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Bushranger
Bushrangers were originally escaped convicts in the early years of the British settlement of Australia who had the survival skills necessary to use the Australian bush as a refuge to hide from the authorities. By the 1820s, the term "bushranger" had evolved to refer to those who abandoned social rights and privileges to take up "robbery under arms" as a way of life, using the bush as their base. Bushranging thrived during the gold rush years of the 1850s and 1860s when the likes of Ben Hall, Frank Gardiner
Frank Gardiner
and John Gilbert led notorious gangs in the country districts of New South Wales. These "Wild Colonial Boys", mostly Australian-born sons of convicts, were roughly analogous to British "highwaymen" and outlaws of the American Old West, and their crimes typically included robbing small-town banks and coach services
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57th (West Middlesex) Regiment Of Foot
The 57th (West Middlesex) Regiment
Regiment
of Foot was a regiment of line infantry in the British Army, raised in 1755
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Penal Colony
A penal colony is a settlement used to exile prisoners and separate them from the general population by placing them in a remote location, often an island or distant colonial territory. Although the term can be used to refer to a correctional facility located in a remote location it is more commonly used to refer to communities of prisoners overseen by wardens or governors having absolute authority. Historically penal colonies have often been used for penal labour in an economically underdeveloped part of a state's (usually colonial) territories, and on a far larger scale than a prison farm. In practice such penal colonies may be little more than slave communities
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John Bigge
John Thomas Bigge (8 March 1780 – 22 December 1843) was an English judge and royal commissioner.Contents1 Background 2 The Bigge Inquiry 3 Death 4 Notes 5 References 6 External linksBackground[edit] Bigge was born at Benton House, Northumberland, England,[1] the son of Thomas Charles Bigge, High Sheriff of Northumberland in 1771. He was educated at Newcastle Grammar School and Westminster School (1795), and in 1797 entered Christ Church, Oxford (B.A., 1801; M.A., 1804).[1] Bigge was called to the Bar in 1806 and was appointed Chief Judge of Trinidad in 1814, a post he held for the next four years.[2] The Bigge Inquiry[edit] Since 1817, Lord Bathurst had wanted to examine whether transportation was an effective deterrent to crime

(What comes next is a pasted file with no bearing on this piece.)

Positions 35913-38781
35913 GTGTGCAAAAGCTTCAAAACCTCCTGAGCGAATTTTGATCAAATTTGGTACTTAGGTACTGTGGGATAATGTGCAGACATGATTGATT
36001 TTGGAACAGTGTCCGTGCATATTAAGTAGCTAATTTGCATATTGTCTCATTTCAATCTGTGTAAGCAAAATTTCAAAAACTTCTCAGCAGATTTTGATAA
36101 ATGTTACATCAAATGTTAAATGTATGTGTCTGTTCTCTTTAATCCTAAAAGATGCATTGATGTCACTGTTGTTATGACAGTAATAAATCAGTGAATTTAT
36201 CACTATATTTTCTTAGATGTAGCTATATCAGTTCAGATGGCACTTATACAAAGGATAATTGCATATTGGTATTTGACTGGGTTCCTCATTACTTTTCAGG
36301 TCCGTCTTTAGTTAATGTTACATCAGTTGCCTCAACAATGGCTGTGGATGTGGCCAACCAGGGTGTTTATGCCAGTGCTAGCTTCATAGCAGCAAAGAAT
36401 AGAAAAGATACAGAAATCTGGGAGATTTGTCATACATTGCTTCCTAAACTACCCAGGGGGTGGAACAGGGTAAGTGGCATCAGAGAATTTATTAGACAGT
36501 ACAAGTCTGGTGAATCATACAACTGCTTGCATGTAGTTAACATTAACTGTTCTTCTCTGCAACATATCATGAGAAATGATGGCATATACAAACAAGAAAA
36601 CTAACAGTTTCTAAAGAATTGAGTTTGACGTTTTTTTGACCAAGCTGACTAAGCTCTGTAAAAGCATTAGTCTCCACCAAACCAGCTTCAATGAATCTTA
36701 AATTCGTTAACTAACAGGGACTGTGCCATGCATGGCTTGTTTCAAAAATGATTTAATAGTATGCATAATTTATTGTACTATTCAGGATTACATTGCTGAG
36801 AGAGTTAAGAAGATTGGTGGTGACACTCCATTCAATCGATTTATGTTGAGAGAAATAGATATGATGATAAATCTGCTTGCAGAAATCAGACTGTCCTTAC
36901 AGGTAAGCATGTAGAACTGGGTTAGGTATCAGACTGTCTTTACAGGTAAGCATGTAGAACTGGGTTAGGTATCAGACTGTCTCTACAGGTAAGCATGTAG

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Charles Darwin
Tertiary education: University of Edinburgh Medical School
University of Edinburgh Medical School
(medicine, no degree) Christ's College, Cambridge
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Joseph Lycett
Joseph Lycett (c.1774 – c.1825) [1] was a portrait and miniature painter, active in Australia. Lycett specialised in topographical views of the major towns of Australia, and some of its more dramatic landscapes.Contents1 Early life 2 Convict years2.1 Newcastle2.1.1 Collectors' Chests2.2 Sydney 2.3 Views in Australia3 Death 4 See also 5 References 6 External linksEarly life[edit] Lycett was born in Staffordshire, England, where he became a botanical artist. Convict years[edit] Newcastle[edit] Lycett was convicted of forgery on 10 August 1811 and was transported to Australia, sailing aboard the General Hewitt, arriving in 1814. In May 1815 while Lycett was employed in the police office, Sydney was flooded by hundreds of skillfully forged 5 shilling bills drawn on the postmaster
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Nepean River
Nepean River
River
(Aboriginal: Yandhai[1]), is a major perennial river, located in the south-west and west of Sydney, New South Wales, Australia. The Nepean River
River
and its associated mouth, the Hawkesbury River, virtually encircle the metropolitan region of Sydney. The headwaters of the Nepean River
River
rise near Robertson, about 100 kilometres (62 mi) south of Sydney
Sydney
and about 15 kilometres (9.3 mi) from the Tasman Sea. The river flows north in an unpopulated water catchment area into Nepean Reservoir, which supplies potable water for Sydney. North of the dam, the river forms the western edge of Sydney, flowing past the town of Camden and the city of Penrith, south of which flowing through the Nepean Gorge
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Sydney
Sydney
Sydney
(/ˈsɪdni/ ( listen))[7] is the state capital of New South Wales
Wales
and the most populous city in Australia
Australia
and Oceania.[8] Located on Australia's east coast, the metropolis surrounds the world's largest natural harbour and sprawls about 70 km (43.5 mi) on its periphery towards the Blue Mountains to the west, Hawkesbury to the north and Macarthur to the south.[9] Sydney
Sydney
is made up of 658 suburbs, 40 local government areas and 15 contiguous regions
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New South Wales
New South Wales
Wales
(abbreviated as NSW) is a state on the east coast of Australia. It borders Queensland
Queensland
to the north, Victoria to the south, and South Australia
Australia
to the west. Its coast borders the Tasman Sea
Tasman Sea
to the east. The Australian Capital Territory
Australian Capital Territory
is an enclave within the state. New South Wales' state capital is Sydney, which is also Australia's most populous city. In March 2017[update], the population of New South Wales